Here are some sample chapters. Hope you're intrigued!


"The Race for Immortality"-- article in Slate

I came on still another article about the new drive on anti-aging and the quest for human immortality funded and directed by some of the rich guys at Google. Slate terms it "the race for immortality."  Subtitle: "Ray Kurzweil thinks we can stay one step ahead of death."   Link to the Slate article

The article in Slate is by Will Oremus, and joins other articles we've referenced here, which I'll link to below.

My context for interest in articles on the quest for immortality flows from my techno-thriller, A REMEDY FOR DEATH.  The book is done and out in the world, but I'm still keeping up with the literature.

In a nutshell, A REMEDY FOR DEATH is about a kind of Jurassic Park for rich old guys . . . and about the unforeseen consquences that flow.  (More info on A REMEDY FOR DEATH.)

One key difference between my approach in A REMEDY FOR DEATH and the main trend covered in these articles: Ray Kurzweil's approach is directed to staying alive long enough to be around for what he terms "the singularity," when we have computers and other devices smart enough to in effect download "us" to the cloud.

Without spoiling the plot, in REMEDY the characters take a more bio-tech approach, including printing out replacement organs (which is actually under way right now in labs around the world); other bioartificial organs and organ fabrication; the use of stem  cells; tissue engineering; and the use of human-animal chimeras.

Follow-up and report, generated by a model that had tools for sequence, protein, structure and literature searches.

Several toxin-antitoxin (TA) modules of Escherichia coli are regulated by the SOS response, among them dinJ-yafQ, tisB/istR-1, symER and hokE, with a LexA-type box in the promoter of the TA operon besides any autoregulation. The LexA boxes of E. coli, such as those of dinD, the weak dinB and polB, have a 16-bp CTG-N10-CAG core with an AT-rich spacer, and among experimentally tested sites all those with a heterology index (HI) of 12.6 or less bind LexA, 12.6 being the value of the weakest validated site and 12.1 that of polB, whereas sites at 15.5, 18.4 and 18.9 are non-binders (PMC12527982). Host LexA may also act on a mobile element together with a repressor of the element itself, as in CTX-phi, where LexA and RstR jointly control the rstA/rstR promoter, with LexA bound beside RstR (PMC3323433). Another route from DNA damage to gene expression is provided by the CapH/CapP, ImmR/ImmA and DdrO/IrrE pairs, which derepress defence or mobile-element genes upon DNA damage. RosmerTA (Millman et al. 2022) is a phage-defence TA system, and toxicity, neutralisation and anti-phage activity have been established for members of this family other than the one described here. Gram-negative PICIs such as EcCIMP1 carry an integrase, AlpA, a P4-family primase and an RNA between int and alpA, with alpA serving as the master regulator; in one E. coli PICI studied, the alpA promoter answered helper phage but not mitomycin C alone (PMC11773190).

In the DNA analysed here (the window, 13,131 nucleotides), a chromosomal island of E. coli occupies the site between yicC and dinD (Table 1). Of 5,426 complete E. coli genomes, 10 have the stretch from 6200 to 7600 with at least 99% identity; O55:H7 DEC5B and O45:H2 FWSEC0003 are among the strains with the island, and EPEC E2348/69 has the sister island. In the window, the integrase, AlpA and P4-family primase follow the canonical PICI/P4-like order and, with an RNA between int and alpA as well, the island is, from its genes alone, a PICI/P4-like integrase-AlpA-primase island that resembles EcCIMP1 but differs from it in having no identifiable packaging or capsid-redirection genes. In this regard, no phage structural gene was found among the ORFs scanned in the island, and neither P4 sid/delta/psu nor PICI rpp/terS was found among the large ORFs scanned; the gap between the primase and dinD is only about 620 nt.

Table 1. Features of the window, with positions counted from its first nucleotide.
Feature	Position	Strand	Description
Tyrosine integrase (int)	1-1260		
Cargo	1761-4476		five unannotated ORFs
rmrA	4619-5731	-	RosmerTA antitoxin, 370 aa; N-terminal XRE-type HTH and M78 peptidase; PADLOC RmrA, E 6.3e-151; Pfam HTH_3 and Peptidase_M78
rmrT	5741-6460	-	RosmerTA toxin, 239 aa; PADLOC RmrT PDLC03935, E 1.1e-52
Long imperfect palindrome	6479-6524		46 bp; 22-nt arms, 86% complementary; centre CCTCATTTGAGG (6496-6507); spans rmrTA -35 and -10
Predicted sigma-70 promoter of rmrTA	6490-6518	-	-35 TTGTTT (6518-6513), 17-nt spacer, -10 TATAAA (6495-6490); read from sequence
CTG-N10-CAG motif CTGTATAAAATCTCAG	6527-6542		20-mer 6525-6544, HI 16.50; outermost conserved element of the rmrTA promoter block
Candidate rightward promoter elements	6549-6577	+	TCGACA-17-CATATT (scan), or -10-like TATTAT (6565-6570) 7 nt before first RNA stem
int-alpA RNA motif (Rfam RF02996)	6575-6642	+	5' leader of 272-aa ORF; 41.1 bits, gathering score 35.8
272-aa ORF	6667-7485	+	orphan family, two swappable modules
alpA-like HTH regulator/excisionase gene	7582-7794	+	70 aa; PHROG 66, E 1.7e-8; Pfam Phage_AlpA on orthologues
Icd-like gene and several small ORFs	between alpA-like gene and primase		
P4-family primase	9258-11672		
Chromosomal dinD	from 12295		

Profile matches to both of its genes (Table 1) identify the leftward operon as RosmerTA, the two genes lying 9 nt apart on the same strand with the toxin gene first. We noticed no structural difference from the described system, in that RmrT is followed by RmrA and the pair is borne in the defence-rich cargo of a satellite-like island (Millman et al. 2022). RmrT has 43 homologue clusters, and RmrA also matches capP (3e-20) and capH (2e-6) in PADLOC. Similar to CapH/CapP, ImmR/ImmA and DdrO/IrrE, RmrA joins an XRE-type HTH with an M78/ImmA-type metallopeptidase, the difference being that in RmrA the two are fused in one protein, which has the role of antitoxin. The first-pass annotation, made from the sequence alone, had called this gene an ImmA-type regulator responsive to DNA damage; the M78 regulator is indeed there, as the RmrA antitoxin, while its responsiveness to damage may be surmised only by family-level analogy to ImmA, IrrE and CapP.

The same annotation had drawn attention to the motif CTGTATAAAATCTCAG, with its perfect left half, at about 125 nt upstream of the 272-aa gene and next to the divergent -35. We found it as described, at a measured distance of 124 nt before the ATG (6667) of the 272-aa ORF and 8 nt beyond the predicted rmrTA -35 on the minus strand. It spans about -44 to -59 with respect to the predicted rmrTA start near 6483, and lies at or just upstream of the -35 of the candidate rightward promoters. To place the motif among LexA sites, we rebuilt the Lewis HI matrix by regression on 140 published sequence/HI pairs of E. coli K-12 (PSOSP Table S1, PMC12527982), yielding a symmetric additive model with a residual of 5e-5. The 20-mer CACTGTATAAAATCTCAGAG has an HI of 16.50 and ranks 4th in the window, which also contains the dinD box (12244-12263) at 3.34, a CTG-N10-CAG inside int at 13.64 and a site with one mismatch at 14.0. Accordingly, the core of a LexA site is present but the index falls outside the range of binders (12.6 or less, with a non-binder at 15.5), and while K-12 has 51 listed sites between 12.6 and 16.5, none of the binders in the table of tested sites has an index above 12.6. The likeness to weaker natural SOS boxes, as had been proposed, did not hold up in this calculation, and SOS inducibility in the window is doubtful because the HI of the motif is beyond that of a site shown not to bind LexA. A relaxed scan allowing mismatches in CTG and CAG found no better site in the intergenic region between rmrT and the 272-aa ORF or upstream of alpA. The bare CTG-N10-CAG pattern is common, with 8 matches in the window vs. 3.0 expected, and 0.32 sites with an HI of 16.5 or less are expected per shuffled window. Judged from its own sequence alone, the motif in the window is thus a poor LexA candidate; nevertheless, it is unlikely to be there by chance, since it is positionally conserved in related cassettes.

In both REMEDY and the proposed Kurzweil approach arises the small matter of how do you move "consciousness," or "the soul," or whatever you term it across to the new?

Here are my links and comments on some other recent articles on that theme of a Jurassic Park for rich old guys  (and not so old yet). Topics include anti-aging, reversing aging, human immortality, fear of aging and death, regenerative medicine, eternal youth, eternal life, and the regenerative medicine industry:

Business Insider article, "These Tech Billionaires Are Determined to Buy Their Way Out of Death"

See my previous post "New Google division, along with TIME Magazine, follow trail blazed by technothriller A REMEDY FOR DEATH!"   That will link you to the TIME cover story on Calico, a new division or subsidiary, of Google. Calico is exploring much the same issues as in my technothriller, A REMEDY FOR DEATH.